Joe Corallo: Darwyn Cooke – A Personal Remembrance
As many of you know Darwyn Cooke, beloved comic book industry icon, passed away Saturday May 14th after a battle with lung cancer. He was 53 years old. I could go into all of the facts, his accomplishments and merits in animation, illustration, and writing, but many of you already know them all or could easily gain access to them on the plethora of websites covering this tragedy. So in lieu of listing off his accomplishments, I’m going to talk about what Darwyn Cooke means to me.
My earliest memories of Darwyn Cooke’s work was from Marvel’s X-Statix. Peter Milligan, Mike and Laura Allred crafted an incredible pop art critique of the direction we were going in our fame obsessed culture using mutants as the metaphor of choice. One of the artists that also worked on this was Darwyn Cooke. My younger brother James was not quite a teenager as this was coming out, but he knew right away that it was something special. It took me a little longer than James to really appreciate just how incredible artists like Darwyn, the Alfred’s and Paul Pope are, but not that much longer.
From there I would see Darwyn Cooke’s work pop up time to time. I was always attracted to it, but never really know where to jump in. For a few years I found myself travelling the country working on different political or advocacy campaigns and my comic reading was sporadic at best. One of the artists I fell in love with at that time was a collaborator of Cooke’s, Tim Sale.
Once I really settled back in New York in 2010, I delved into working on comics myself. By NYCC 2011, I had enough comic work done where I decided to get a table with my then collaborator Bob Wulff. This would end up being more of a learning experience than anything else, but we did end up having a table diagonally across from Tim Sale. More than a few times when he had a lull I’d walk over, chat with him, and get a couple of books signed, including Absolute Batman Long Halloween, the only Absolute edition I owned at the time. When I asked Tim what other Absolute editions he would recommend, he said without missing a beat, The New Frontier.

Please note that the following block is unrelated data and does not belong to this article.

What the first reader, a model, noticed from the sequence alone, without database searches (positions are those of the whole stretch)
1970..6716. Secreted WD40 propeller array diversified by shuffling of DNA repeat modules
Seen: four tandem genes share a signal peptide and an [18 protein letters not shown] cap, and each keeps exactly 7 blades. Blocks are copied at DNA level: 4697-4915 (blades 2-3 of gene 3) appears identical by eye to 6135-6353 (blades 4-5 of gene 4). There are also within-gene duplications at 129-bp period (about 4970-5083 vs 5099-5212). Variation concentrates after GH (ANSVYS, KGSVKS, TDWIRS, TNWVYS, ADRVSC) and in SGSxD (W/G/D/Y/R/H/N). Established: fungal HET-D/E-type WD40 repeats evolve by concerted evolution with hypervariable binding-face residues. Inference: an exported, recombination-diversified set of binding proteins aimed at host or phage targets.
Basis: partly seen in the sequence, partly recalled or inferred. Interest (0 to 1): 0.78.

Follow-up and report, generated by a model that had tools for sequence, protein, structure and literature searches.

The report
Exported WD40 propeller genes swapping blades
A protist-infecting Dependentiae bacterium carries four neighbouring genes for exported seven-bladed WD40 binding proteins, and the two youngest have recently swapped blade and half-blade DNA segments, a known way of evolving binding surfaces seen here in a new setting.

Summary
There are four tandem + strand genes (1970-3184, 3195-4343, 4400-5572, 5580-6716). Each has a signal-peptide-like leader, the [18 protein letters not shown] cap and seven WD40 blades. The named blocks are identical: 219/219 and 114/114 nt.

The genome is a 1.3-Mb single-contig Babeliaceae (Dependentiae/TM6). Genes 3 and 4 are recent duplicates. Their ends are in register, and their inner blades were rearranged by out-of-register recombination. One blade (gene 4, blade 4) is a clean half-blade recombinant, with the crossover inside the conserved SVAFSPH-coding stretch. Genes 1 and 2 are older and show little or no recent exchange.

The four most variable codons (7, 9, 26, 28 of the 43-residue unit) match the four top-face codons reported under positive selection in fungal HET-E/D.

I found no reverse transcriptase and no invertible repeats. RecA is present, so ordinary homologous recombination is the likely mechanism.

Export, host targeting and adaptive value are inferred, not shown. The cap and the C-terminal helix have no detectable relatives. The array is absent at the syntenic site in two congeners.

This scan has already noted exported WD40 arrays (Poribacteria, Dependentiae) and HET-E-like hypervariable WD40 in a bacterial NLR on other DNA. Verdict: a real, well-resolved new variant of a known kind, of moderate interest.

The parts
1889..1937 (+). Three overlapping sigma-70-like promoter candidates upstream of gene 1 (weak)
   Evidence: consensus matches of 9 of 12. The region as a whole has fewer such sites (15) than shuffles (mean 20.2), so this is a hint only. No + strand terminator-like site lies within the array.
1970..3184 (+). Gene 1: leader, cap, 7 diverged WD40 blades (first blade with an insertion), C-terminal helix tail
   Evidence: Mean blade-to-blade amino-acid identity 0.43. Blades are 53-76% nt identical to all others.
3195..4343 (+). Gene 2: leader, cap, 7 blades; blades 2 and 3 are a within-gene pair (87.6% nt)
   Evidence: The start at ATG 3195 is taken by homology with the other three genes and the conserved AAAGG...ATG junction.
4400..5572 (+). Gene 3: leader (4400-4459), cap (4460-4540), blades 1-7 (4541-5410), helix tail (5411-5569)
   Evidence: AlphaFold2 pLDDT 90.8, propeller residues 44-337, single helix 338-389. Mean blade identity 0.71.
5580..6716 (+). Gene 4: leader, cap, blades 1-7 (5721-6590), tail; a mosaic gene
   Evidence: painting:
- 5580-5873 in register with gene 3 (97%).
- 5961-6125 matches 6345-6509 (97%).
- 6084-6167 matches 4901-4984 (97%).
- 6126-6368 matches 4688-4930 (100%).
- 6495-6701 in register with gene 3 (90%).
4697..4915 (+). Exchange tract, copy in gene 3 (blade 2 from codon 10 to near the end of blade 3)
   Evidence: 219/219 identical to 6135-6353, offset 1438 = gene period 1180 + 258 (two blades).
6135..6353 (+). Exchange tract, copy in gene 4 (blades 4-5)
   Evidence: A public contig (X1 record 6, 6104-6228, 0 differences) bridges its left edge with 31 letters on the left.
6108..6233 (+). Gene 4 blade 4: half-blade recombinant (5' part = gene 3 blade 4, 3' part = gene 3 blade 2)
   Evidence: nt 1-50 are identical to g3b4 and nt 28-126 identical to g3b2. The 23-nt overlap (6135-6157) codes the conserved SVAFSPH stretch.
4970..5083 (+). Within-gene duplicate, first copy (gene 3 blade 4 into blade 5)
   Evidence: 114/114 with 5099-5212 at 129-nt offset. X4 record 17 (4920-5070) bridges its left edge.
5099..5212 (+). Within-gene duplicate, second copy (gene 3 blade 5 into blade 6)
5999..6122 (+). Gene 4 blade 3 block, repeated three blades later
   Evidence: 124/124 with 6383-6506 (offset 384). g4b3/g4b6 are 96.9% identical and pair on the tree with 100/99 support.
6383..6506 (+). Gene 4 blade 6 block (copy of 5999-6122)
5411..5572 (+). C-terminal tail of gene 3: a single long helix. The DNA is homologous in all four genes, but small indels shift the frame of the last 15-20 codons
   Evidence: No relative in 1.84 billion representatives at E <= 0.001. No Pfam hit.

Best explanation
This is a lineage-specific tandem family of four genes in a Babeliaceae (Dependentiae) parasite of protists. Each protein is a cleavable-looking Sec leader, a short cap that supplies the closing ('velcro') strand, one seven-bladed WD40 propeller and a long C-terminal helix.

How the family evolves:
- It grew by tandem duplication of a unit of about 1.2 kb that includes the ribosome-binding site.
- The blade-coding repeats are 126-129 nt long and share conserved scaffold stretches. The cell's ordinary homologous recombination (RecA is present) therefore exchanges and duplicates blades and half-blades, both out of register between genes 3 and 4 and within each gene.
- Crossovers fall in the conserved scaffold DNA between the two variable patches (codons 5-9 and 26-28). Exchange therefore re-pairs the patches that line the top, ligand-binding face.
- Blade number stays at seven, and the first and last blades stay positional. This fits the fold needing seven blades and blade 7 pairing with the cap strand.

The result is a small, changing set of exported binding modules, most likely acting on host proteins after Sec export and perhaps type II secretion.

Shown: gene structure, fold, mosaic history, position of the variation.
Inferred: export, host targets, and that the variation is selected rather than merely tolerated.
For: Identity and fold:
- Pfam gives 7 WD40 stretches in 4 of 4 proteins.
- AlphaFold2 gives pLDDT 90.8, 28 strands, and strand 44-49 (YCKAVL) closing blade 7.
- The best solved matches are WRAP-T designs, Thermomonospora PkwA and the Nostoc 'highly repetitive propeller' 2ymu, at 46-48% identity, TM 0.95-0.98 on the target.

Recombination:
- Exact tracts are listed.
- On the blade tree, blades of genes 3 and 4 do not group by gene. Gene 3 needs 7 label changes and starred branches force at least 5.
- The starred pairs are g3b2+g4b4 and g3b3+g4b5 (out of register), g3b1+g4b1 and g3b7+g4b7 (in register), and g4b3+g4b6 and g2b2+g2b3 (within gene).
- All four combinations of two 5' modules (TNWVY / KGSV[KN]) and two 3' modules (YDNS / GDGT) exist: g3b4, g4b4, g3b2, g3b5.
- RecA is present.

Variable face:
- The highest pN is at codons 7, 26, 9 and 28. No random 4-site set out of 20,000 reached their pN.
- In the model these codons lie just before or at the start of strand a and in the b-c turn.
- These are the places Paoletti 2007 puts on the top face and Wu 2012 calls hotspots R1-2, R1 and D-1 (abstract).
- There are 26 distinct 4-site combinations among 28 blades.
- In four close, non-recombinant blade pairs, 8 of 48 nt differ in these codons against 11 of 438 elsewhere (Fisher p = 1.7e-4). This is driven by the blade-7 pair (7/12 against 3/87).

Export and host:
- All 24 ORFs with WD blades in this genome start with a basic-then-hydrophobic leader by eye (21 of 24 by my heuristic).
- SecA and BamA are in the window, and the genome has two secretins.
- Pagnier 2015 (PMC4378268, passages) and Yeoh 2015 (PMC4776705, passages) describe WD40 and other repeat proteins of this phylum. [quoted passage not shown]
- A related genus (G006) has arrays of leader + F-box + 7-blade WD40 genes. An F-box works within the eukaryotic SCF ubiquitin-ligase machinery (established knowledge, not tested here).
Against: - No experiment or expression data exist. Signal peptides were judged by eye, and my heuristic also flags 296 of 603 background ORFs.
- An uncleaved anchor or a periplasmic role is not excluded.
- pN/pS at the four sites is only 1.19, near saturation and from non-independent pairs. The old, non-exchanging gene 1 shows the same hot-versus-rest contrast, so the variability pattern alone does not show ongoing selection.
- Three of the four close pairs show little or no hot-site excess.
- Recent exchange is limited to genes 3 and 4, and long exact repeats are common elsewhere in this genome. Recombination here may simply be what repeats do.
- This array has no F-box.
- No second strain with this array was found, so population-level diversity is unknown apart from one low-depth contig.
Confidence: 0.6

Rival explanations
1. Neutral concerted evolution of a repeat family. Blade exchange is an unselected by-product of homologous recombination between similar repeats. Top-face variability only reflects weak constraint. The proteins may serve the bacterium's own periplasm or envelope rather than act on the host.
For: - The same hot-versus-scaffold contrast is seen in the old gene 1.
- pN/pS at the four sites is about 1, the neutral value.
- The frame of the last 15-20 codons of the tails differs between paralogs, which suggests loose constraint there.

Not long after I picked it up and was blown away by how gorgeous the art was and how he lovingly and seamlessly crafted such a complicated and continuity heavy story in just the right way to make it all feel so straightforward and simple.
I would soon be given a copy of the first of the Richard Stark’s Parker graphic novel adaptation from IDW, The Hunter, by my friend Mike Bradley. He owned and operated Collectors Kingdom for over two decades before his sudden passing on April 6th, 2015. He was 48 years old. For a while I would stop in at least once a week to pick up comics, chat with Mike and the regulars there, and exchange recommendations. I thought of his love of Darwyn Cooke and how he gave me that book when I heard of his passing, and now Darwyn Cooke’s passing has brought this all full circle for me.
For NYCC 2012 it was announced that Darwyn Cooke would be one of the guests. I was excited at the prospect of meeting someone whose art I had grown to adore. Shortly before the convention, however, he had to cancel. This left me disappointed, but I figured it wouldn’t be too long until I’d get a chance to see him. After all, it’s not like he was going anywhere.